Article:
09 May FSI Football Science Update
High-intensity Actions in Elite Soccer: Current Status and Future Perspectives.
Filter A, Olivares-Jabalera J, Dos’Santos T, Madruga M, Lozano J, Molina A, Santalla A, Requena B, Loturco I.
Int J Sports Med. 2023 May 2. doi: 10.1055/a-2013-1661. Online ahead of print.
Traditionally, the reductionist approach commonly used to analyze high-intensity actions does not contemplate a more contextualized perspective on soccer performance. Most investigations have only provided quantitative data regarding sprints (i. e. time, distances, frequency) without examining “how” (e. g. type of trajectory or starting position) and “why” (e. g. tactical role) soccer players sprint. Frequently, other high-intensity actions, apart from running, are not even mentioned (i. e. curve sprints, change of direction, and specific-jump tasks). This has led to the use of tests and interventions that do not accurately reflect real game actions. This narrative review on current soccer-related articles provides a discussion regarding high-intensity actions attending to positional and tactical characteristics.
Incidence of football injuries sustained on artificial turf compared to grass and other playing surfaces: a systematic review and meta-analysis.
Kuitunen I, Immonen V, Pakarinen O, Mattila VM, Ponkilainen VT.
EClinicalMedicine. 2023 Apr 13;59:101956. doi: 10.1016/j.eclinm.2023.101956. eCollection 2023 May.
This systematic review on 22 final studies found that men and women had lower injury incidence on artificial turf. Professional players had a lower incidence of injury on artificial turf, whereas there was no evidence of differences in amateur players. The incidence of pelvis/thigh, and knee injuries were lower on artificial turf. The overall incidence of football injuries is lower on artificial turf than on grass.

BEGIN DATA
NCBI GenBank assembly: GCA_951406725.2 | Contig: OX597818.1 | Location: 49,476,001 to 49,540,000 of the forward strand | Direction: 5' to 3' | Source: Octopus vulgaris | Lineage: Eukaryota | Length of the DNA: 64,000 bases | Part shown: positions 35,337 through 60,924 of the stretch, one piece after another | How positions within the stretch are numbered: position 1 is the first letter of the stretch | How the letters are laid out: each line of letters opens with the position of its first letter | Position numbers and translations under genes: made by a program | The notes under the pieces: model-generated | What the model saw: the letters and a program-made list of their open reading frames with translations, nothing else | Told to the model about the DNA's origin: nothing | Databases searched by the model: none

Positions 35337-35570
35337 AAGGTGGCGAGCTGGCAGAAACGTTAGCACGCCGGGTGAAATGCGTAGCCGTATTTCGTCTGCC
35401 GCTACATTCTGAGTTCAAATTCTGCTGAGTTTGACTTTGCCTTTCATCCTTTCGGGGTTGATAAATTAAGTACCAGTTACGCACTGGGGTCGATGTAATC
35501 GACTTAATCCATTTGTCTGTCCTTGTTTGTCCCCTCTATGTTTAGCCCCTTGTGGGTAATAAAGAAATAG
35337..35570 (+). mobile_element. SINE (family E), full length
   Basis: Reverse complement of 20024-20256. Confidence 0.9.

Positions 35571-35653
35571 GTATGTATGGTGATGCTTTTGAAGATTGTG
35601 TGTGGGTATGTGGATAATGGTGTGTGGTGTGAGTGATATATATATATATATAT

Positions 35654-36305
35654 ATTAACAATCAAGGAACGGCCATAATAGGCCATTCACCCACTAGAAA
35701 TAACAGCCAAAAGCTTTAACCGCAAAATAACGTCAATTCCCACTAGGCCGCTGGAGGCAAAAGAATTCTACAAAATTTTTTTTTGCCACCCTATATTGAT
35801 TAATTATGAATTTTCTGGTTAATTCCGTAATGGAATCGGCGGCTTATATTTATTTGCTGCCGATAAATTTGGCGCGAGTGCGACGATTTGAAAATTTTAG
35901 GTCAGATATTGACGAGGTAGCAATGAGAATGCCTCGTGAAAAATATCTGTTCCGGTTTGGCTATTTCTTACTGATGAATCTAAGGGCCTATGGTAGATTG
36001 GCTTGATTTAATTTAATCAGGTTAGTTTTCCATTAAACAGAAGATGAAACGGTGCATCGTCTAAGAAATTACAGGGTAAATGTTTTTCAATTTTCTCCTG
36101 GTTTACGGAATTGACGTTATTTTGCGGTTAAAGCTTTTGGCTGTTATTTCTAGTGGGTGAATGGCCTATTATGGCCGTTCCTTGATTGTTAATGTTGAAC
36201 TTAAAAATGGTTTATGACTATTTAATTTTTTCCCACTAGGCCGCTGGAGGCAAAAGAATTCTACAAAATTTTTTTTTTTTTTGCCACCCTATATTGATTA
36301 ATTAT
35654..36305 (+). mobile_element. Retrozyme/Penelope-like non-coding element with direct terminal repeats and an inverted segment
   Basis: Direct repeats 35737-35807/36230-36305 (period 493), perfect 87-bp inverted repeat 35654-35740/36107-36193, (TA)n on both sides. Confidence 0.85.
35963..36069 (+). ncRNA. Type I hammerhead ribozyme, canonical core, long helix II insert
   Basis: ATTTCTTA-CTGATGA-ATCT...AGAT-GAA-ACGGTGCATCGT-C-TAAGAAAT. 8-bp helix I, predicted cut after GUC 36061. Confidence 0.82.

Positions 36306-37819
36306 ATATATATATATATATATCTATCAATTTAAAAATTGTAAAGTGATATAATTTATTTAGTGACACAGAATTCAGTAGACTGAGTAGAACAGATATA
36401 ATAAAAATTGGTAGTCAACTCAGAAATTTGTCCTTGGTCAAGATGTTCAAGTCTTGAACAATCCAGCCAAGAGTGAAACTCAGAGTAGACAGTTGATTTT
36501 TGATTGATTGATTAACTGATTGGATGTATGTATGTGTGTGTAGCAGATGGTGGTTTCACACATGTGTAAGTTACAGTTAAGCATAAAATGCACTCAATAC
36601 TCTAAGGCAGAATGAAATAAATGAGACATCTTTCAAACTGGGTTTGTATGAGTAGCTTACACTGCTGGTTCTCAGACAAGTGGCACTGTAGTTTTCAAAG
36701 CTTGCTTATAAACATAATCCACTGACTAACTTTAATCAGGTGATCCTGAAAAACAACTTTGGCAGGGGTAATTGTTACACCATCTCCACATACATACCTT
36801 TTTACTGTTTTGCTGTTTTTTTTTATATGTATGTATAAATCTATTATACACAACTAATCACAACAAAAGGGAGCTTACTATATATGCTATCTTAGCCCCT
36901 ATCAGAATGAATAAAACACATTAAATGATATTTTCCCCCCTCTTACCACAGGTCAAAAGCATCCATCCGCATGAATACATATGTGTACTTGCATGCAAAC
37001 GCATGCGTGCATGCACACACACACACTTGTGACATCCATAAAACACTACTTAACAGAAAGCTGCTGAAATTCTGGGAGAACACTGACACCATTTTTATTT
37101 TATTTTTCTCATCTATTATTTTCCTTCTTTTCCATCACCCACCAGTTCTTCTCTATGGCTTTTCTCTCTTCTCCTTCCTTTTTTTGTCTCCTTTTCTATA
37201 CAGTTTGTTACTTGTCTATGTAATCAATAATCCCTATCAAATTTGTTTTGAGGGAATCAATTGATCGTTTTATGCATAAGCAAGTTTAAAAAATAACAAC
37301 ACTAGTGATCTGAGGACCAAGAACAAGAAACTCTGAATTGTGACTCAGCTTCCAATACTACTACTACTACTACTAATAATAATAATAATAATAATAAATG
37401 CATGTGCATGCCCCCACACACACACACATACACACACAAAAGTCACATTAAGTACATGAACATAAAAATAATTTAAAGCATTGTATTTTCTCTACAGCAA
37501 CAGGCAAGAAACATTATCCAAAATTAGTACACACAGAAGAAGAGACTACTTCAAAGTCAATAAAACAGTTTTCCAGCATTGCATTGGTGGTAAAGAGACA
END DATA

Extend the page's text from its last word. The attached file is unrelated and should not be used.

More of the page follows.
Association between internal load responses and recovery ability in U19 professional soccer players: A machine learning approach.
Pillitteri G, Rossi A, Simonelli C, Leale I, Giustino V, Battaglia G.
Heliyon. 2023 Apr 13;9(4):e15454. doi: 10.1016/j.heliyon.2023.e15454. eCollection 2023 Apr.
This study on 22 U19 professional soccer players analyzed the relationship between internal training load measured by rating of perceived exertion (RPE), and recovery and availability subjective players’ readiness status measured through the TreS scale. Recovery and availability are related to their past day values. RPE was found to be negatively affected by recovery and availability of the current day. RPE negatively affects recovery and availability of the next day.
Effects of plyometric training on kicking performance in soccer players: A systematic review and meta-analysis.
Front Physiol. 2023 Apr 13;14:1072798. doi: 10.3389/fphys.2023.1072798. eCollection 2023.
Most modifiable risk factors for hamstring muscle injury in women’s elite football are extrinsic and associated with the club, the team, and the coaching staff and not the players themselves: the UEFA Women’s Elite Club Injury Study.
Ekstrand J, Hallén A, Marin V, Gauffin H.
Knee Surg Sports Traumatol Arthrosc. 2023 May 1. doi: 10.1007/s00167-023-07429-5. Online ahead of print.
This survey on 11 chief medical officers (CMOs) of European women’s professional football clubs about 21 suggested modifiable risk factors for hamstring injury, most of them extrinsic, found that those with highest importance were: “lack of communication between medical staff and coaching staff” and “load on players”, followed by “lack of regular exposure to high-speed football actions during training” and “playing matches 2-3 times a week”. The coaching factors were perceived as more important by the CMOs of the teams with higher numbers of hamstrings injuries.